To succeed in key account management we must make lots of contacts and talk to lots of people within the account. One of the ways customers reduce risk is to ensure that as many of their people as possible are in favour of the decision.
This means that we must avoid the usual approach of building the sale around those we have known the longest, or can contact most easily, or who like us the most, and ignoring everyone else.
In any key account there are multiple influencers, blockers and helpers. Each of these buyers must be identified and analysed.
No two accounts are the same and no organisation chart can tell you who the real decision makers are. You need to build up a network within the organisation to help you find out and breathe life into your approach.
Think of a sale you’re working on now. Ask yourself who the key players are. Who has the ear of top management? Who must you get on your side? What are the politics? How do you analyse all of these people?
The best way to map the account is to analyse the people in terms of the roles they play in the purchase. Typically there is one financial buyer, several user buyers, an internal adviser and perhaps a consultant.
The financial buyer
This is usually one person who has the authority to release funds for this purchase. The role will move up and down the organisation, depending on perceived risk.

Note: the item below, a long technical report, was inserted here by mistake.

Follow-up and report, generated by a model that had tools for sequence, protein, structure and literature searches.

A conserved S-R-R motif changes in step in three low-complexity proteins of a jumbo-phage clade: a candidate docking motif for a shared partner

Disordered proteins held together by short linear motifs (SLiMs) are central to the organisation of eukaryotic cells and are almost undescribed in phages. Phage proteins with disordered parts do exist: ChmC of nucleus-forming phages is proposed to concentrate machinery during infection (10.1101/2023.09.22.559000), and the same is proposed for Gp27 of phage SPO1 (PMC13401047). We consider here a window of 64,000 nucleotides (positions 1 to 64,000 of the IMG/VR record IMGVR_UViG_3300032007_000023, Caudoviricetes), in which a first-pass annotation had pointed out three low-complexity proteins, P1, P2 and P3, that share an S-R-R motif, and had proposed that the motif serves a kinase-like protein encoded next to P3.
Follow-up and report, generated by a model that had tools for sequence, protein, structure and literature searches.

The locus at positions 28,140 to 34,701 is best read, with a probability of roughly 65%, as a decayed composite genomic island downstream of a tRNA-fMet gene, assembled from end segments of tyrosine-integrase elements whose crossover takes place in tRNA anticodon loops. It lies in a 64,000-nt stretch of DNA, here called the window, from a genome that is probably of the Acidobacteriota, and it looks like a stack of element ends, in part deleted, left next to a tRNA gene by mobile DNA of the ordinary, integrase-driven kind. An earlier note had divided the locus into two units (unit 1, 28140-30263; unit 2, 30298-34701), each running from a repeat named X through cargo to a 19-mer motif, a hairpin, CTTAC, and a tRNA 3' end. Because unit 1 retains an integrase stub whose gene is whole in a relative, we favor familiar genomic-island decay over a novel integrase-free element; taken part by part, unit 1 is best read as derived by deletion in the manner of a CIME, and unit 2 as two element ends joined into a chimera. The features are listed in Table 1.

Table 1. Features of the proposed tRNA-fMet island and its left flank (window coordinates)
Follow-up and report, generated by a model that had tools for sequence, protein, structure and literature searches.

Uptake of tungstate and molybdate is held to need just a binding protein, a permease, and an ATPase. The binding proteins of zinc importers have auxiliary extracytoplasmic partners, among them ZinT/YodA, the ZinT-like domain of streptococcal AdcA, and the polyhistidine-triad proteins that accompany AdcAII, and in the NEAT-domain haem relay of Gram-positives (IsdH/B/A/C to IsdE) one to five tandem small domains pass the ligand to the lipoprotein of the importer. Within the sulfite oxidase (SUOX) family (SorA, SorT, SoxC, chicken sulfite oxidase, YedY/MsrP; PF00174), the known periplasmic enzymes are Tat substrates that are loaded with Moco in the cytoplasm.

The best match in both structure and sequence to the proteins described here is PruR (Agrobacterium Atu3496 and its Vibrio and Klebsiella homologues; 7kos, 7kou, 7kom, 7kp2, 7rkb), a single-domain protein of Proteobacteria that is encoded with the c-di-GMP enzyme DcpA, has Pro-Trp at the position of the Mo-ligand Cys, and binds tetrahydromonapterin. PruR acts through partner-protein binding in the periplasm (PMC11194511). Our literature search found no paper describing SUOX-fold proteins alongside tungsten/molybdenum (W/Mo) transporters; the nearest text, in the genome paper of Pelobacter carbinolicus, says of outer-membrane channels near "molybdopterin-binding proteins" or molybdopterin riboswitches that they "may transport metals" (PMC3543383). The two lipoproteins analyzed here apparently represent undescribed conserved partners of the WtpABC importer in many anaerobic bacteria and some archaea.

If risk issues are high for the customer then the financial buyer will probably be top management. However, if risk issues are smaller, it could be a departmental manager or even a user manager.
A common mistake when planning the entry strategy for a major sale is to go straight to the financial buyer. This approach comes from sales training, which stresses that you should always see the ultimate decision maker. This is fine for small sales because the ultimate decision maker is further down the organisation, but for key accounts it is not always sound advice.
What do you say when you’re there?
Let’s take an extreme example to make this point. Suppose you have targeted ICI as a potential account. Through a combination of dazzling telephone skills and digital marketing you get an appointment with the chief executive. There you are in front of his desk – what are you going to say? ‘We’ve got the best product, the best terms, the best service – buy from us!’
Your embarrassment would be acute. As a rule, don’t stand in front of top management until you’ve got numbers to indicate how you can improve their business.
We will look at the other decision influencers in Part 2.
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